DeathtoStock_Medium5Diana Lea taught English in Czechoslovakia and Poland before joining Oxford University Press as a dictionary editor in 1994. She has worked on a number of dictionaries for learners of English, including the Oxford Advanced Learner’s Dictionary and the Oxford Collocations Dictionary. She is the editor of the Oxford Learner’s Thesaurus – a dictionary of synonyms and of the ELTon award-winning Oxford Learner’s Dictionary of Academic English.

New words that enter the language are a reflection of the way people’s lives are changing. If we look at what is trending, we can see that new technology can bring with it new capabilities. There are wearables – computing devices that you can wear, such as a smartwatch – which are touch-sensitive and may be voice-activated. Superfast broadband and in-app purchase offer new opportunities, but there’s a new distraction in the form of clickbait – that’s a link or headline on the Internet that you just can’t help clicking on. All this can have a profound influence on how people work, enjoy themselves and relate to one another

If we look at new words connected with work we can see several strands, some of them in opposition to each other. Decisions are data-driven. It is important to demonstrate proof of concept. Using agile methodology, getting things right requires an iterative process of refinement and modification. But if that doesn’t work, putting a finger in the air is a less scientific approach, based on guesswork. Or you can put together a mood board with key images and words that best convey the image of the brand.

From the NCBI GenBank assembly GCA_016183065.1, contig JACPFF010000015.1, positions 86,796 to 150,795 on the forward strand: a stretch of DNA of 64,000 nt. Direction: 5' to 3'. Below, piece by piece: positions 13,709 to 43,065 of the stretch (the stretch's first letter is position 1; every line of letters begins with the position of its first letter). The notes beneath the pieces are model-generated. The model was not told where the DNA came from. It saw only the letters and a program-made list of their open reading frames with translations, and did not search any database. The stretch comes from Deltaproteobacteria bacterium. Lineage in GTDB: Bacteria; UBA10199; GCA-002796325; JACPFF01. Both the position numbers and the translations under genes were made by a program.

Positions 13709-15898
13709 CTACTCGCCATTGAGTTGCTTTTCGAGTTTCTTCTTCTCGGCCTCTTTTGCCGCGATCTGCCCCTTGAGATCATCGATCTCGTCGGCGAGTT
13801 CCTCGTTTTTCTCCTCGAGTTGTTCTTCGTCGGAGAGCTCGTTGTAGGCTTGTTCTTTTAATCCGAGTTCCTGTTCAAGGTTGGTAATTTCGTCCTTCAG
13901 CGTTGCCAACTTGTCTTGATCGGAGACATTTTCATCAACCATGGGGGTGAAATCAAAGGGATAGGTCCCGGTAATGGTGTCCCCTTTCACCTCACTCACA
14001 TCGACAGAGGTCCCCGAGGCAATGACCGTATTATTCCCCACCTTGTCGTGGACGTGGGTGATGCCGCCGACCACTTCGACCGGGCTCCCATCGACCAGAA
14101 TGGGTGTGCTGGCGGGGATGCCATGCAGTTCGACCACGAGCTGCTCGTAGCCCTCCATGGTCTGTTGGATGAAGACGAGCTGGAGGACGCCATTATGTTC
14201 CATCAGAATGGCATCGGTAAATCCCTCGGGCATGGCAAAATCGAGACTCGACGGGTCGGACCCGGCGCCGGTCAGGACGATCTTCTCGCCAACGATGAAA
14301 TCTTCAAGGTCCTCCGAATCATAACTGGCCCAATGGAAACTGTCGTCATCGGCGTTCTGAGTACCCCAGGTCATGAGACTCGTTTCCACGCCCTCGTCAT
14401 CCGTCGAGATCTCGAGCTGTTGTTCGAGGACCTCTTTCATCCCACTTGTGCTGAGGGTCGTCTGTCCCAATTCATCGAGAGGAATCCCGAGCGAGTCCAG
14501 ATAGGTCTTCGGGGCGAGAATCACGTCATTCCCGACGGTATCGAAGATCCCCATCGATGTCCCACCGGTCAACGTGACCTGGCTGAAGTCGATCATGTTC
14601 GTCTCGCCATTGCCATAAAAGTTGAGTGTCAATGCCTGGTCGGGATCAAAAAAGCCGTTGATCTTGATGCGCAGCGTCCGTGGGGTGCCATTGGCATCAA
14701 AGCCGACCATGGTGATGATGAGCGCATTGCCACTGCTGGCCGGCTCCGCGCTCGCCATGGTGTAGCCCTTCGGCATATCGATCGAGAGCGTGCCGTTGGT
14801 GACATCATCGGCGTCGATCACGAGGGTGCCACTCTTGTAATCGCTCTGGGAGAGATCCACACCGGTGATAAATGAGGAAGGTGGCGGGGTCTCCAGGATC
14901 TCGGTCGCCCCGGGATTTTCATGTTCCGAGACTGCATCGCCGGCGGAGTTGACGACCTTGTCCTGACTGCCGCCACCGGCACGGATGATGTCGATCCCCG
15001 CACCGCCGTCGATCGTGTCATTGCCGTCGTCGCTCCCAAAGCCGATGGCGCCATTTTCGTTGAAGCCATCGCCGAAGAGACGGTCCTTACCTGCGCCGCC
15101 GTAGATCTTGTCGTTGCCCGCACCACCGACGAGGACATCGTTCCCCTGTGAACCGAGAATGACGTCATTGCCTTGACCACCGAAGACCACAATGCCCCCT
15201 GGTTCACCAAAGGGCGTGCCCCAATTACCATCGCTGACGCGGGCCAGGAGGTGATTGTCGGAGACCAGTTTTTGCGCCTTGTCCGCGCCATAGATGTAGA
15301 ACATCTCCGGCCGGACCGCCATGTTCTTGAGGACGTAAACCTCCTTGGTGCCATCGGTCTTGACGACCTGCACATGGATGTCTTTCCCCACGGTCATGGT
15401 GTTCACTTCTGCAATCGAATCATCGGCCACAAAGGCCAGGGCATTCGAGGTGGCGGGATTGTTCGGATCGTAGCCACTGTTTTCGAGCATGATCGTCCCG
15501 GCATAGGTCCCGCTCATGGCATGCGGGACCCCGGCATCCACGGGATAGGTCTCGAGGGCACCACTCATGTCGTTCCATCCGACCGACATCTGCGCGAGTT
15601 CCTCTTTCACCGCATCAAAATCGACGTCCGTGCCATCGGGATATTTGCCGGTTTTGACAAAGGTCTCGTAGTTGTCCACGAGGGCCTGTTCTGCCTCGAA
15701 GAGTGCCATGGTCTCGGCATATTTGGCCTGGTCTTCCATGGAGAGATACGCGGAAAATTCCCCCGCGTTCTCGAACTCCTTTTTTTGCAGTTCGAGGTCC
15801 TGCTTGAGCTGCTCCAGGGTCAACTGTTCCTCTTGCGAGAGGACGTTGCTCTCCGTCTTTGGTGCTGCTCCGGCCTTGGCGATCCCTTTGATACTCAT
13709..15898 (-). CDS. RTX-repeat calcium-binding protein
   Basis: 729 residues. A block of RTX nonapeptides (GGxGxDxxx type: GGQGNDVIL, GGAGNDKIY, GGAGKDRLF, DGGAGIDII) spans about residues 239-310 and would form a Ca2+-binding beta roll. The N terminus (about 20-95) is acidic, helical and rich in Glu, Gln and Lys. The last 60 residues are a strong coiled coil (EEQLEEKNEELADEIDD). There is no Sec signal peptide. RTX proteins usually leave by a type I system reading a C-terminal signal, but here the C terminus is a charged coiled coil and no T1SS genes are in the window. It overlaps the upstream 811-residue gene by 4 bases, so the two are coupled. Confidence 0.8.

New technology and new ways of working have an effect on how people feel and how they manage their lives. Always-on devices can make for always-on people who find it harder to draw boundaries between work and home life, public and private. They may worry about their digital footprint, all the information that exists about them on the Internet as a result of their online activities. What kind of information security (or infosec) do companies have in place? Ad blockers screen out unwanted advertisements and are one kind of lifehack – a strategy or technique that you can use to manage your time and daily activities in a more efficient way. At a more profound level, a therapist may teach mindfulness, a concept borrowed from Zen Buddhism, which is a way for body and mind to reconnect.

Technology has transformed some of our leisure activities as well. Game apps and MMOs – massively multiplayer online games – have brought with them a whole vocabulary of their own. Sometimes this means new meanings for old words. Players move from level to level in different virtual worlds. Killing monsters and defeating enemies earn XP (that’s experience points) that help you level up and unlock new features of the game. Fantasy worlds have their own technology: travel by jetpack – a device you can strap on your back that enables you to fly – or do battle with an army of mecha – giant animal robots controlled by people who travel inside them. Hoverboards used to belong to the world of fantasy too, but now you can ride one for real. A real one doesn’t actually hover, of course – it’s a kind of electric skateboard.